Smokers, drinkers are spared hike in excise duty
Published 08/12/2010 | 05:00
SMOKERS and drinkers breathed a sign of relief as the Government refused to hike the price of alcohol and cigarettes.
But the price of both will increase in 2013 when the planned 1pc VAT hike is introduced, bringing the rate to 22pc. A further 1pc will be added in 2014.
Last year Brian Lenihan cut the excise duties on alcohol to 20pc -- the first cut since 1994 -- in an attempt to stem the flow of shoppers going to Northern Ireland to stock up.
However, tax and currency changes mean shoppers are no longer travelling, removing the incentive to cut excise again.
This means the average packet of cigarettes will remain at €8.50. This includes €5.22 in excise duty and €1.48 in VAT, bringing the total tax to €6.70.
Excise of €3.25 is currently applied to every litre of spirits, along with 21pc VAT. A pint of beer has 37 cents in excise duty, with VAT applied afterwards. One litre of wine has a bill of €1.97 of excise with VAT additional afterwards.
Last night vintners raised a cautious glass to the decision not to raise taxes on alcohol.
But anti-smoking groups said the Government "missed an opportunity" by keeping the price of cigarettes steady.
Professor Luke Clancy of anti-smoking group ASH said it was "incredible" that the Government had opted not to increase the levy on tobacco at a time when they desperately need to raise revenue. "It's crying out to be raised," he added.
He rubbished arguments that hiking the taxes leads to an increase in smuggling.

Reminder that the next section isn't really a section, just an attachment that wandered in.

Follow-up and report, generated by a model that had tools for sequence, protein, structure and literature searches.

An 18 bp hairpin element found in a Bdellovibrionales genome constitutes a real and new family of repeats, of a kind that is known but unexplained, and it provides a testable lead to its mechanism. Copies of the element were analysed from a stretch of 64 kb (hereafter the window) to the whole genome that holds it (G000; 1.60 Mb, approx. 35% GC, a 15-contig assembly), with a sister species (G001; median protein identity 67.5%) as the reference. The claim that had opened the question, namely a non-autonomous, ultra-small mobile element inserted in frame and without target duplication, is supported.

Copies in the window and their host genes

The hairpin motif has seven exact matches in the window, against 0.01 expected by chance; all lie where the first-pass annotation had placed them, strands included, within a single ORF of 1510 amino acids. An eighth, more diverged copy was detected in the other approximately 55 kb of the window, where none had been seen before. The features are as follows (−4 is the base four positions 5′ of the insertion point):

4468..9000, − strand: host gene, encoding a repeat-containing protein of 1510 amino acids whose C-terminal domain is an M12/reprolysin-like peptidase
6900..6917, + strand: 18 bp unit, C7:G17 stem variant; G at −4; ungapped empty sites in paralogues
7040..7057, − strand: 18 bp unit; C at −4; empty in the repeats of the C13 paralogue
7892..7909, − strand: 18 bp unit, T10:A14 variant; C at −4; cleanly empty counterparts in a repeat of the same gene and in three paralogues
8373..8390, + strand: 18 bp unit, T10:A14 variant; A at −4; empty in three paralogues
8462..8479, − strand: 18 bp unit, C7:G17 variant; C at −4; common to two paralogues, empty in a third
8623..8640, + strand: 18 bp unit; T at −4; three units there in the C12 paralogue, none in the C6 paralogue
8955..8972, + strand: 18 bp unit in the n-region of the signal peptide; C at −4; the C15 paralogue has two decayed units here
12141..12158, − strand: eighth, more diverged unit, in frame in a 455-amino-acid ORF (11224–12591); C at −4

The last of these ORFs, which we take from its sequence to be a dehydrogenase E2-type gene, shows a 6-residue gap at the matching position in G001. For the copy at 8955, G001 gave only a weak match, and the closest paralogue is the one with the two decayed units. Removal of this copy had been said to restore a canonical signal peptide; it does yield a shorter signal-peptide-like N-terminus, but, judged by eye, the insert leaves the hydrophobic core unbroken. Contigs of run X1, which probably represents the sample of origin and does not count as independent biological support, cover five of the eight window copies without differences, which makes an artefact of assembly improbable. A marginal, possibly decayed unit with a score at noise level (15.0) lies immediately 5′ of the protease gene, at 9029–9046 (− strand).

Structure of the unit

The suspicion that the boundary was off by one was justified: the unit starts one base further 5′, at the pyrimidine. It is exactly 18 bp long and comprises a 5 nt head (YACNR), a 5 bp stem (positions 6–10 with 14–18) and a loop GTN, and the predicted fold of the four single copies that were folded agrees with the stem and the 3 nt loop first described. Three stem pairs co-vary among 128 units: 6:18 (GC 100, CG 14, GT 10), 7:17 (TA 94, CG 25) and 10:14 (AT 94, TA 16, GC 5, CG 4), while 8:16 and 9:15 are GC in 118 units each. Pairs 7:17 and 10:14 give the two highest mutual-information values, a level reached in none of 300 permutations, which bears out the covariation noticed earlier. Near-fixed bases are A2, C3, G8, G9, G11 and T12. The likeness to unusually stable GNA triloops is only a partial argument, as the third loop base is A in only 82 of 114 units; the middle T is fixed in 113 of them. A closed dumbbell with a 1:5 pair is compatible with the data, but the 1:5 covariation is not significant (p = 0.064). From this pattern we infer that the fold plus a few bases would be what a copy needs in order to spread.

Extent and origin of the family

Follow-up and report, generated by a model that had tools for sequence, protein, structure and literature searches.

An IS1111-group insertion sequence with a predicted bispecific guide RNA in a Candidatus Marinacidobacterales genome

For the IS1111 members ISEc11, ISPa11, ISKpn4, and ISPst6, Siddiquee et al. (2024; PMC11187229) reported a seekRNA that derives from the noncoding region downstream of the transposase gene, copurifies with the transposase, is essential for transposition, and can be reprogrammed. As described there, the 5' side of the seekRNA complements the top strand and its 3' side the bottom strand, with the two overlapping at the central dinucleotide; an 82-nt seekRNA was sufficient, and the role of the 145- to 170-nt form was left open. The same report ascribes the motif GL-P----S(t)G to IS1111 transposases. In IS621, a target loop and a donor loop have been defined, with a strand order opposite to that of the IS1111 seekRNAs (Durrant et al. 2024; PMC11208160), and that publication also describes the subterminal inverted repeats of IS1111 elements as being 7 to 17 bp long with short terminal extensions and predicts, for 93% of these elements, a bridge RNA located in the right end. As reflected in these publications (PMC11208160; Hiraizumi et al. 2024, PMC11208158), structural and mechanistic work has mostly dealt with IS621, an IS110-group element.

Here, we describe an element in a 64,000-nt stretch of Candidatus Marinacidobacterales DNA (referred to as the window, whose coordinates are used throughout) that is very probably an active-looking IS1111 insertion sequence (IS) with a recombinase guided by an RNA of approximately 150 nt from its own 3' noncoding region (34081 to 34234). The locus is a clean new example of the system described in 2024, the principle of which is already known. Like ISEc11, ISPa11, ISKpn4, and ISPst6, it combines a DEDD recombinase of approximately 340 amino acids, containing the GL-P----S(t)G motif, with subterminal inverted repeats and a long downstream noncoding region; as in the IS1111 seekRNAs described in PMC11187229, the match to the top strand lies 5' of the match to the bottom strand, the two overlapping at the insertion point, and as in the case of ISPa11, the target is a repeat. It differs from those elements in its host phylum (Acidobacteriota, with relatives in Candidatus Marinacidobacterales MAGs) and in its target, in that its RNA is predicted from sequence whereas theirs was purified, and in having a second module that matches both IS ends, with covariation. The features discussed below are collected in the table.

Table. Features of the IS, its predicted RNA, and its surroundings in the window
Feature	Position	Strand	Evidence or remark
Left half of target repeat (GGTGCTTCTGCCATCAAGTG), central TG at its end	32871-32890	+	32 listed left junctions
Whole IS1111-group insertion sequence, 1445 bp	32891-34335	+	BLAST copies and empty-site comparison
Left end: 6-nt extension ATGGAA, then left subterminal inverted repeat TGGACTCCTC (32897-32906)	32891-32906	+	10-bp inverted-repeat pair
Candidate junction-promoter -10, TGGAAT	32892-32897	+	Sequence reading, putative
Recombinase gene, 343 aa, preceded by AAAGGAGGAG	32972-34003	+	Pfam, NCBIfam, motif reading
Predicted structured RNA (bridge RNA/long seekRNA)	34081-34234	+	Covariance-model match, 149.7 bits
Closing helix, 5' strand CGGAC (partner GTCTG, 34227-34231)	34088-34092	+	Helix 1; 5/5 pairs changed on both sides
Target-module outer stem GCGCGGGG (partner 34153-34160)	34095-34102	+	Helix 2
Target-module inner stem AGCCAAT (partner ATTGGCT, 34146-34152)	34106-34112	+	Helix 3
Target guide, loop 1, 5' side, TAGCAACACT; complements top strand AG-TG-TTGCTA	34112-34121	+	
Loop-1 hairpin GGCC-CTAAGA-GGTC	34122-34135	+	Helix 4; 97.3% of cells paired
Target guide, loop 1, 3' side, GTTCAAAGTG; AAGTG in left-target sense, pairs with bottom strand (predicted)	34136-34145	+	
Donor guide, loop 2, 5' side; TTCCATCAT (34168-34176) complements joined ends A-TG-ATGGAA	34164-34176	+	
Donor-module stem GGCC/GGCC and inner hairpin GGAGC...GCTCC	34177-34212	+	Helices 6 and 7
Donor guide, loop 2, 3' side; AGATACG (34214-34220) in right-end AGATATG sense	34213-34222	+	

"If cigarettes are €8.50 and they go up 20, 30 or even 50 cent, it's not going to matter to smuggling. That's not going to be a greater incentive."
He said that the price is "all about whether we want to collect taxes".
"They've done everything else wrong so I suppose I'm not really surprised about this."
Earlier this year the Irish Independent revealed that tax receipts from tobacco rose to a record €1.2bn last year, with more expected to be collected this year. Revenue from tobacco sales has increased every year for the past decade, regardless of price increases.
Kathleen O'Meara of the Irish Cancer Society pointed out that up to 50 young people begin smoking each day.
Meanwhile vintners gave a cautious welcome to the decision to keep excise duties and tax on alcohol steady.
But they said more needed to be done to help the pub industry, which is suffering as more people drink at home.
Hugh Hourican, owner of the Boar's Head Pub on Dublin's Capel Street, said he is "happy" with the price freeze but said excise needed to be put on alcohol sold in off licences and supermarkets.
"I went out on Saturday to buy some Jameson because we were running low," he said.
"I got two bottles from my supplier for €37. But if I'd gone to Dunnes Stores I'd have bought them for €30.
"People are now going straight from their apartments to the nightclub."